Richard's precision of thought is admirable and no doubt it made emacs and gcc and the GPL possible. Here is the his email:
The article "Robin Bloor Grokking the GPL" says,This is the first article I have read by anyone not part of the Open Source community writing about the GPL who actually understands how it works
What about me? I have been writing about the GNU GPL as part of the Free Software Movement since before the Open Source Movement was even started, and I am not a part of anything that labels itself "open source".
The community I belong to was built by the Free Software Movement, so it is really the Free Software community. (Advocates of Open Source are also members of this community, but their movement came later and did not build the community.)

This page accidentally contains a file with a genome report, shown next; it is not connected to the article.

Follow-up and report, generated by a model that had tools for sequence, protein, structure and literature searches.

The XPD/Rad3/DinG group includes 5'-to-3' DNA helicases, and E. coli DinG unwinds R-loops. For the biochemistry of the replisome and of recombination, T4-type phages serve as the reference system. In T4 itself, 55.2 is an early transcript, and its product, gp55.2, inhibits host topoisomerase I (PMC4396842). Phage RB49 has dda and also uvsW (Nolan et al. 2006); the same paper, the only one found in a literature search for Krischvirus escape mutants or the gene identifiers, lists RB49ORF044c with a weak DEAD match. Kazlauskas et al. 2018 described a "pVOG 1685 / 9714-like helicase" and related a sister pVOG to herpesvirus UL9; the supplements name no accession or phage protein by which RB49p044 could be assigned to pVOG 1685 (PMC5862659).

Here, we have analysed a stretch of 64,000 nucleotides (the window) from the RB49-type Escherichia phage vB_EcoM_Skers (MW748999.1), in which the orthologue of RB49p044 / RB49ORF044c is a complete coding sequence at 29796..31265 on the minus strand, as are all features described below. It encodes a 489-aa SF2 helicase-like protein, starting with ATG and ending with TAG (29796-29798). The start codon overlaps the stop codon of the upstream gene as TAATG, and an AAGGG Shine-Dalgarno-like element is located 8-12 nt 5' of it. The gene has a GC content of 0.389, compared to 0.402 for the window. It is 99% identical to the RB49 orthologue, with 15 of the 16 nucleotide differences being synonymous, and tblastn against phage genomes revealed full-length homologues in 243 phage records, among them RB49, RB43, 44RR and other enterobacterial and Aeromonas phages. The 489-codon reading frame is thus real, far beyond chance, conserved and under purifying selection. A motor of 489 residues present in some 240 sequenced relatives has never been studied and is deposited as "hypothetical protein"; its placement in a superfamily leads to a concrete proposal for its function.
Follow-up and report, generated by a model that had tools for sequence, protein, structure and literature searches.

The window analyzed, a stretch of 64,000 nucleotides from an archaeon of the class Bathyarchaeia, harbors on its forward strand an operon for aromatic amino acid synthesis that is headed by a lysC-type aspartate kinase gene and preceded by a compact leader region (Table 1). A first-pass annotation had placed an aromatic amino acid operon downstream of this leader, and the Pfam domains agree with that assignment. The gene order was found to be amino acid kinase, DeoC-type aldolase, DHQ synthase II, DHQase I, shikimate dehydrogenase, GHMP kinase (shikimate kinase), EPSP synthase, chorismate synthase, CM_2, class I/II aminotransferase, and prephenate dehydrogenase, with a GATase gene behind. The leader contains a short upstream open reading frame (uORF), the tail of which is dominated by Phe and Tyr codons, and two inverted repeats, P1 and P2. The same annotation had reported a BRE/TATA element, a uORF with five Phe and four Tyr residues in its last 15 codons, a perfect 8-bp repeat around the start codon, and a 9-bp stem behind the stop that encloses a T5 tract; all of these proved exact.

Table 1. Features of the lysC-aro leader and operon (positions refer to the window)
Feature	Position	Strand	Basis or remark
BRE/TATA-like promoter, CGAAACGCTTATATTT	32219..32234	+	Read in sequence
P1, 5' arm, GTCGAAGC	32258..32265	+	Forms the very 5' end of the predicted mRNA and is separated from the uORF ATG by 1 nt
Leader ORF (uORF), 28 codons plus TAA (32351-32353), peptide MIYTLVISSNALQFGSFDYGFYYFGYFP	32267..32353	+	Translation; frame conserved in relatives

Your statement may be literally correct if you have not read my writings about this, or that they don't count as "articles". But I'm afraid that people will read it as confirming the widely repeated claim that I am part of "the Open Source community". Would you please publish this note as a correction?
On a more substantial point, you quoted Bloor as speaking of "intellectual property" as if it were a kind of substance that could be "covered" by either copyrights or patents. This is highly misleading--it encourages people to think that copyrights and patents do similar things, which is not true. The term is used as propaganda by those who want the public not to think critically about copyrights, patents, or the various other disparate laws sometimes grouped together under the heading of "intellectual property".
We should not cite any statement using that term as an example of clear understanding!
President, Free Software Foundation
Author of the GNU General Public License (GNU GPL)